Remembering the Light
California Central Coast eucalyptus sunset oil painting
16 x 20 inches, oil on canvas
There’s a place I like to go traveling up highway 101, where the eucalyptus trees grow so gracefully, sculpted by ocean breezes. No matter the time of day, the light seems to do amazing things with these trees. This one, in particular, catches my imagination with every visit.
“Beside Still Waters”
18 x 24 inch oil painting
On the road to Yosemite, through California’s Central Valley
This scene has intrigued me from when I first saw it a few years ago, in the spring. California’s Central Valley was green with a plentitude of winter rain, and the distant Sierra foothills provided a beautiful cool contrast to the warm wildflower covered foreground. The pond, which seemed to be dammed up for cattle grazing, looked so inviting. If it wasn’t on fenced off private property, I would have liked to sit by it and dangle my feet in that cool fresh water. Eucalputus remain among my favorite trees to paint, although they are less plentiful the further you drive to the foothills. Oaks seem to dominate there. The day we were there, the clouds were drifting by constantly, creating beautiful shadows which I took full advantage of.
“California Flower Fields” (Heritage Valley)
8 x 10 inches, oil on linen plein air panel
It’s a glorious springtime in Southern California. Last weekend we were wandering in an agricultural area near Ventura and happened upon a field where the farmer was growing flowers. He invited me in to take a closer look – it was only partly visible from the road. This was the result …
Song of Still Waters
16 x 20 oil on canvas
Devereux Slough, Santa Barbara area
Although this painting is sold, you can see more of my paintings on my website
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5 x 7 inch oil painting on plein air panel
This miniature oil painting features a part of the Batiquitos lagoon near Carlsbad, California. The mist was hanging around the water on this cool day, and I loved the atmosphere it created. Miniatures make great Christmas presents.
See more of my small works miniature paintings here.
High Water at Devil’s Gate Dam – Arroyo Seco
20 x 24 oil on canvas
I painted this to memorialize an area near and dear to me, not far from where I live. This is the boundary between La Canada Flintridge and Altadena – the upper Arroyo Seco, once known as Oak Grove Park and now known as the Hahamongna Watershed Area. Because of the silt that has accumulated above the dam, the dam has lost much of its capacity. There are plans underway to dredge this entire area, but one of the plans will remove not only the silt, but a great number of the trees and habitat that has grown up in the area. To read more about the devastation that will be caused by the County plan, visit It makes me sad to think that views such as this may soon be gone, and probably won’t return in my lifetime, unless a more thoughtful, conservation-oriented plan is adopted.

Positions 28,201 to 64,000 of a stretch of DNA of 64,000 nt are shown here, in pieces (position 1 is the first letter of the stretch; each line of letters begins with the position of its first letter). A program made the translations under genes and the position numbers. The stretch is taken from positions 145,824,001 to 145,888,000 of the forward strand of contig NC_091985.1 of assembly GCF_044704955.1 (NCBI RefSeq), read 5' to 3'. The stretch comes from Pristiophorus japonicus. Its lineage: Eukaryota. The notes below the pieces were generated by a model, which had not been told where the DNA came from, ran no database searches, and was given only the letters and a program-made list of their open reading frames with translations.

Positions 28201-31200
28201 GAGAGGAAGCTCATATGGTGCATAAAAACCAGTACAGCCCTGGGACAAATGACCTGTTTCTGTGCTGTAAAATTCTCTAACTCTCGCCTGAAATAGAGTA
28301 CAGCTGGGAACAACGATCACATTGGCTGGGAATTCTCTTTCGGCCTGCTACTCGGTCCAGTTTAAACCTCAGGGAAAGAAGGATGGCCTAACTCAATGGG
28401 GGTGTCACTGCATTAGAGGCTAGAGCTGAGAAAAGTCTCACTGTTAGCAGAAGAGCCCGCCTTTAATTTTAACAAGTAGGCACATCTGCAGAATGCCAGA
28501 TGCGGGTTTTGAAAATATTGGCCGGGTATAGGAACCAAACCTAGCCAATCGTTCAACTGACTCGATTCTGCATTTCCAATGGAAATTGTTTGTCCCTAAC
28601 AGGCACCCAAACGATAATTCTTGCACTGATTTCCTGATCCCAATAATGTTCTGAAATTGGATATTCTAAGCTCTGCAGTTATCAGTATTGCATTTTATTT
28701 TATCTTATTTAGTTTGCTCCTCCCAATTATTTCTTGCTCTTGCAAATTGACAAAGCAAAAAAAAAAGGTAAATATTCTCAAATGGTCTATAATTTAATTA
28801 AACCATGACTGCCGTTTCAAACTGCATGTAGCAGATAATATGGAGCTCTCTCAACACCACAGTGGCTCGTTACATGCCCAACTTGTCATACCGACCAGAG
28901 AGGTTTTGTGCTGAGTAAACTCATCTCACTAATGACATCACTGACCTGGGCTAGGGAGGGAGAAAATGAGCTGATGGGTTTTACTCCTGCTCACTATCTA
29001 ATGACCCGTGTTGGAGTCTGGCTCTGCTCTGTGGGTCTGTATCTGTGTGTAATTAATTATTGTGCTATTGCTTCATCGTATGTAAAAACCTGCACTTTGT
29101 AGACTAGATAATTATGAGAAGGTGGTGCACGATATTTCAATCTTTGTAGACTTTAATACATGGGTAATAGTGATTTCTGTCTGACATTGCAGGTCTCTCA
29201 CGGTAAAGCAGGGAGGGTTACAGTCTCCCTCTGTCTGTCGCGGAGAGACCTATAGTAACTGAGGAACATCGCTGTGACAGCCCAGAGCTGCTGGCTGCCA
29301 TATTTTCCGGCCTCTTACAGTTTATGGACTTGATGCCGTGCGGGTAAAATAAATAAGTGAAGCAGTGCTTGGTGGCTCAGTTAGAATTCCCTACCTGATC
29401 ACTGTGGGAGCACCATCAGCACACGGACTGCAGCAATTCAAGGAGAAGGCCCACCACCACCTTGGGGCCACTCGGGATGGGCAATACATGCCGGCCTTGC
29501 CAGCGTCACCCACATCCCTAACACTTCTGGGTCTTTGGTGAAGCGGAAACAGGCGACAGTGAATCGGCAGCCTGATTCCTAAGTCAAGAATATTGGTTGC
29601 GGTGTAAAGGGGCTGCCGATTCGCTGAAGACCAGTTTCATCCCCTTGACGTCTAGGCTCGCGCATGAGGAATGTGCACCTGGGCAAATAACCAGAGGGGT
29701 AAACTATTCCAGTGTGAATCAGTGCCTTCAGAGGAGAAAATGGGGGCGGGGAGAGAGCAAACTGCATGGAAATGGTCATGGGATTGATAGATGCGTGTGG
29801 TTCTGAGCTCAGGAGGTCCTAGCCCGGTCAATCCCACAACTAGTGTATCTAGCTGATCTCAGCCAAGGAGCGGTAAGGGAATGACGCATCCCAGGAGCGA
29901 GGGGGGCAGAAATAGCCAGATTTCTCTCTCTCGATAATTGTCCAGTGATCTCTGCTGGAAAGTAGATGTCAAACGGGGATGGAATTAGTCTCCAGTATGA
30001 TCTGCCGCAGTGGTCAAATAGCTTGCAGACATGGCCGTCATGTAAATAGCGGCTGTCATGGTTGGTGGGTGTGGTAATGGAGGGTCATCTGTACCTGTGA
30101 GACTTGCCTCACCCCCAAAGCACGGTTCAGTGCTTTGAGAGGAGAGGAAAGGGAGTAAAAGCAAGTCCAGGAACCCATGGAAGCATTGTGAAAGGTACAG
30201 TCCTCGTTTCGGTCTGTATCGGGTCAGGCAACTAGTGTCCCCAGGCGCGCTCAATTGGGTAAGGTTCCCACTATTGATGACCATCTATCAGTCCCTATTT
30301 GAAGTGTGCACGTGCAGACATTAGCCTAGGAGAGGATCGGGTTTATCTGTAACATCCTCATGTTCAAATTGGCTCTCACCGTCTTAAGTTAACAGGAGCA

#arroyoseco #hahamongna #watershed #DevilsGateDam #lacanada #oilpainting #landscape #california
“Golden Master” (study)
8 x 10 inches, oil in plein air panel
A stately eucalyptus tree towers over a quiet lagoon in San Diego County (Batiquitos Lagoon)
The master of all it surveys. Golden sunset colors are reflected in sky and distant waters.
This painting is available for sale.
Spirit of the Sunset
18 x 24 inch original oil painting
California Central Coast
Available for sale
I’m getting a lot of enjoyment from painting reflected trees in still water, like this scene from a California slough. Only a heron stands by to watch the enchantment.
The Scent of Springtime
8 x 10 oil painting
California Central Coast
I love the contrast of dark green eucalyptus trees and bright wildflowers. This California Central coast scene gave me the opportunity to paint both.
12 x 16 inch
original oil painting of Pasadena’s
Colorado Street Bridge
The Colorado Street bridge in the Arroyo Seco is one of my favorite painting subjects, and I continue to find new ways to see it and to interpret it. This impressionist treatment conbines two points of view that are somewhat difficult to see simultaneously, but I think it’s faithful to the subject of both the bridge and the San Gabriel Mountains. The time of year is springtime, not so very far away with our recent rains.
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